The first time that the name Ruskin Bond mysteriously entered my psyche was not when I first read his book, but during a discussion with my home tutor a while after I must have read one of his first publications. This happened sometime before my ICSE exams and in the early seventies. Rai Sahib, as my brother and I called him, was a strict disciplinarian and always wore a crisp and starched white shirt and pant and came up with unexpected questions.
‘You should read Ruskin,’ he said one evening.
‘I have read him,’ I said. He gave me a look of mild surprise, thought for a while, and asked, ‘Show me the book.’
I stood up and spent a few minutes searching before admitting that I was unable find that book right away.
‘OK, forget it,’ he said dismissively, and we went on to other tasks. Much later I happened to finally realize that he was talking of John Ruskin and not Ruskin Bond. There was a world of difference between stories written for children and complex essays on art and architecture.
It is only when I read ‘Rhododendrons in the mist’ that the incident re-surfaced when I found that in ‘The playing fields of Simla’ even Ruskin Bond writes on how he may have got this name: ‘I think my father (Aubrey Alexander Bond) liked the works of John Ruskin, who wrote on serious subjects like art and architecture. I don’t think anyone reads him now. They’ll read me though!’ And this is a fact. I haven’t read John Ruskin as much and Ruskin Bond has risen to be one of my favourite writers over the intervening decades.
As Ruskin Bond himself writes, his stories are all about ‘trips to the plains, a crisis in my affairs, involvements with other people and their troubles’ and his writing straddles spurs and dips into valleys of human emotions, and it always seems that he has ‘lived there briefly’ and it is always as if he is telling Sushila in ‘Love is a sad song’ that he may stop loving her ‘but I will never stop loving the days I loved you’. It is those days that stay on in his memory that have found their way into the pages of his stories… and there isn’t much that the writer in him forgets and ‘…in the pastures of my mind I run my hand over your quivering mouth and crush your tender breasts. Remembered passion grows sweeter with the passing of time’ show us that his passion for story-telling is far greater than anything else in life.
This book is a compilation of stories that explore the width and depth of writing prowess of Ruskin Bond. We have the first section of fourteen dark tales of suspense, murder, and the supernatural. One meets a watchman with ‘no eyes, no ears, no features at all – not even an eyebrow’ a murderer who the writer believes will ‘turn up again one of these days’ or Rosie who gave her cyanide pill ‘a nice coating of chocolate and then mixed it up with all the little hazelnut chocolates in the tin’ that her husband took with him… diabolical stories that make you sit up and wonder how a writer of stories for children could even imagine such plots. But then this was similar to my surprise when I read the dark stories penned by another of my favourites Roald Dahl. Yes, these writers of tales for children can be quite different if they want to, I told myself and went from one story to the next and quite literally from admiring the last truck ride planned by Nathu to hearing ‘the hoof beats of Wilson’s horse as he canters across the old wooden bridge’ looking for Gulabi. Chilling stories!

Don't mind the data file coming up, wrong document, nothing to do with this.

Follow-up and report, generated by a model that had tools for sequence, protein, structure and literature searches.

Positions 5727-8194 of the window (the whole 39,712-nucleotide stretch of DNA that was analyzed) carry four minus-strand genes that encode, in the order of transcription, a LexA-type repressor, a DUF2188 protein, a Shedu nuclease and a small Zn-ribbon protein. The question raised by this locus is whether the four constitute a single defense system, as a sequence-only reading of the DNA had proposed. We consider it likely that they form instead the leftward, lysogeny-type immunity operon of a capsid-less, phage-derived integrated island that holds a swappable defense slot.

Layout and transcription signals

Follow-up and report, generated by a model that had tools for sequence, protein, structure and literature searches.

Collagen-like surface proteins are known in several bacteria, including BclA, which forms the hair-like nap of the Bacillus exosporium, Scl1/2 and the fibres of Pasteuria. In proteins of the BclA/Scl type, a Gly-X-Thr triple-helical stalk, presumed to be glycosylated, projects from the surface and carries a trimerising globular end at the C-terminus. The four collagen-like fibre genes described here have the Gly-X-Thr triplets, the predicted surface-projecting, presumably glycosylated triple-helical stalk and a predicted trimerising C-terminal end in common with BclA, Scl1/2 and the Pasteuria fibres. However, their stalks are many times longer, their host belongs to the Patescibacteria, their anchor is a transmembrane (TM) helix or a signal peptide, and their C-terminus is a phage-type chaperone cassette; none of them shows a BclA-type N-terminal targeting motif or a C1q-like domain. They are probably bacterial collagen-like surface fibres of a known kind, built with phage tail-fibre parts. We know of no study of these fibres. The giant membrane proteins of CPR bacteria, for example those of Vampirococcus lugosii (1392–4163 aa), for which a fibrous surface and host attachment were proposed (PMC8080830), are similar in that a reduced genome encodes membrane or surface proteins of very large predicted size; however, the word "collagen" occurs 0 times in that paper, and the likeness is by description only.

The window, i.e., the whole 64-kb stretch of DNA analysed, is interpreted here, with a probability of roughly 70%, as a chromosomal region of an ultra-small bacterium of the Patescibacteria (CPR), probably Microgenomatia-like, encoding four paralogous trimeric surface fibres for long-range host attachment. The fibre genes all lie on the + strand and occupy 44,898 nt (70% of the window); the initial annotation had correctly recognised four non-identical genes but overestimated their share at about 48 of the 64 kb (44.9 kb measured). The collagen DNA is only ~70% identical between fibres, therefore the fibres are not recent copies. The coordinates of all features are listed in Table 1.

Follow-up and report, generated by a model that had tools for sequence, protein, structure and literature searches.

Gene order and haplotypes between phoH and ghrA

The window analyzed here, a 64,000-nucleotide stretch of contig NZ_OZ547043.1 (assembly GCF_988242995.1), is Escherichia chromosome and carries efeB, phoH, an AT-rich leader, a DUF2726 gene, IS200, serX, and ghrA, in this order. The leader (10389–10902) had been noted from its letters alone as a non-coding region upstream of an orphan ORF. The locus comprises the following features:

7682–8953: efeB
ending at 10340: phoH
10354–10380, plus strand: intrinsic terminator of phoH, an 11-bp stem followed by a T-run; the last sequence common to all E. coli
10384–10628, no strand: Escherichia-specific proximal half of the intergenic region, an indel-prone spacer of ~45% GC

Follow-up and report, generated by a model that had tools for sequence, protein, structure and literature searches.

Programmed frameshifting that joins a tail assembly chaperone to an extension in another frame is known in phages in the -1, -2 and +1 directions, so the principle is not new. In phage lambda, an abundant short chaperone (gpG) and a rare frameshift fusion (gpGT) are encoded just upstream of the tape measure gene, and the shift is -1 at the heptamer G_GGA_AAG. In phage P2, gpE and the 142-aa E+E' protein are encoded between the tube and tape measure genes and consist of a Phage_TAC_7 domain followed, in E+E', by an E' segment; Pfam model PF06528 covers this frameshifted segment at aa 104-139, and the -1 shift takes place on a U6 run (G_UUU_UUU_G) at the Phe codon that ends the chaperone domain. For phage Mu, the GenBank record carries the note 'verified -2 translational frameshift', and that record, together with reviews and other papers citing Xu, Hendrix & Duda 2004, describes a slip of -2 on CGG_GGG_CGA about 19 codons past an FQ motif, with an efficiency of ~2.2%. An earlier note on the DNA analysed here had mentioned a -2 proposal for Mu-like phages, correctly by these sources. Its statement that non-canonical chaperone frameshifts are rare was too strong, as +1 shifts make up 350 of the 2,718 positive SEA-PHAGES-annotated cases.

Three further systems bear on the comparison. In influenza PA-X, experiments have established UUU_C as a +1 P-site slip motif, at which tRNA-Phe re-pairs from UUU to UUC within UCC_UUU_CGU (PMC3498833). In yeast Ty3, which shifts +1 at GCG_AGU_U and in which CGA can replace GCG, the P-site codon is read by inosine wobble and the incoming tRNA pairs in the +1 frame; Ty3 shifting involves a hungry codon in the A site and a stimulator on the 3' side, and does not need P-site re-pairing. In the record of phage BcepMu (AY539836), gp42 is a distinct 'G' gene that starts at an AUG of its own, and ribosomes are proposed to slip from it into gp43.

The second section with another fourteen stories is quite different and one where the reader has the possibility of meeting and understanding how a writer’s mind works and why. Ruskin admits that stories have elements from a writer’s personal life though they can be sometimes placed intelligently between a lot of imaginary characters and incidents. It is in this section that I discovered that while writing his first book ‘Nine months’, the author had ‘filled three exercise books with this premature literary project, and I allowed Omar to go through them. He must have been my first reader and critic.’ Ruskin tells us that he was a student of Bishop Cotton’s that was then the premier school of India, often referred to as the ‘Eton of the East’… except that ‘there was one ‘old boy’ about whom they maintained a stolid silence – general Dyer, who had ordered the massacre at Amritsar and destroyed the trust that had been building up between Britain and India.’ It was here that he met Omar and a short conversation reveals a lot about how the writer in Ruskin finally appeared:
‘And when all the wars are done,’ I said, ‘a butterfly will still be beautiful.’
‘Did you read that somewhere?’
‘No, it just came into my head.’
‘Already you are a writer.’
‘No, I want to play hockey for India or football for Arsenal. Only winning teams!’
‘You can’t win forever. Better to be a writer.’
If you have never been to Simla, Mussorie, Barog, Kathmandu, Delhi and a few other places, the stories in the latter part of this anthology will be like a travel enthusiast eager to point out everything from a ‘steam engine chugging slowly up the steep inclines’ to watching ‘a group of children playing gulli-danda’ while sitting on a bench in Talkatora Gardens and thinking about Sushila, or standing just outside the entrance of the garden of dreams waiting for Kiran… there are conversations with love and yearning, a stoic acceptance of loneliness and solitude, and in between are incidents that stay on long after you’ve finished reading the final line in each tale. His stories aren’t travelogues but far exceed the expectations of a reader wanting to discover the soul of a place. I know this as I have trudged uphill hundreds of times with Ruskin’s stories and heard cowbells tinkling and almost imagined fairies circling around to tell me whatever it is that I wanted to believe in. Such is the power of these stories.
Title: Rhododendrons in the mist
Author: Ruskin Bond
Publisher: Aleph Book Company
15 July 2020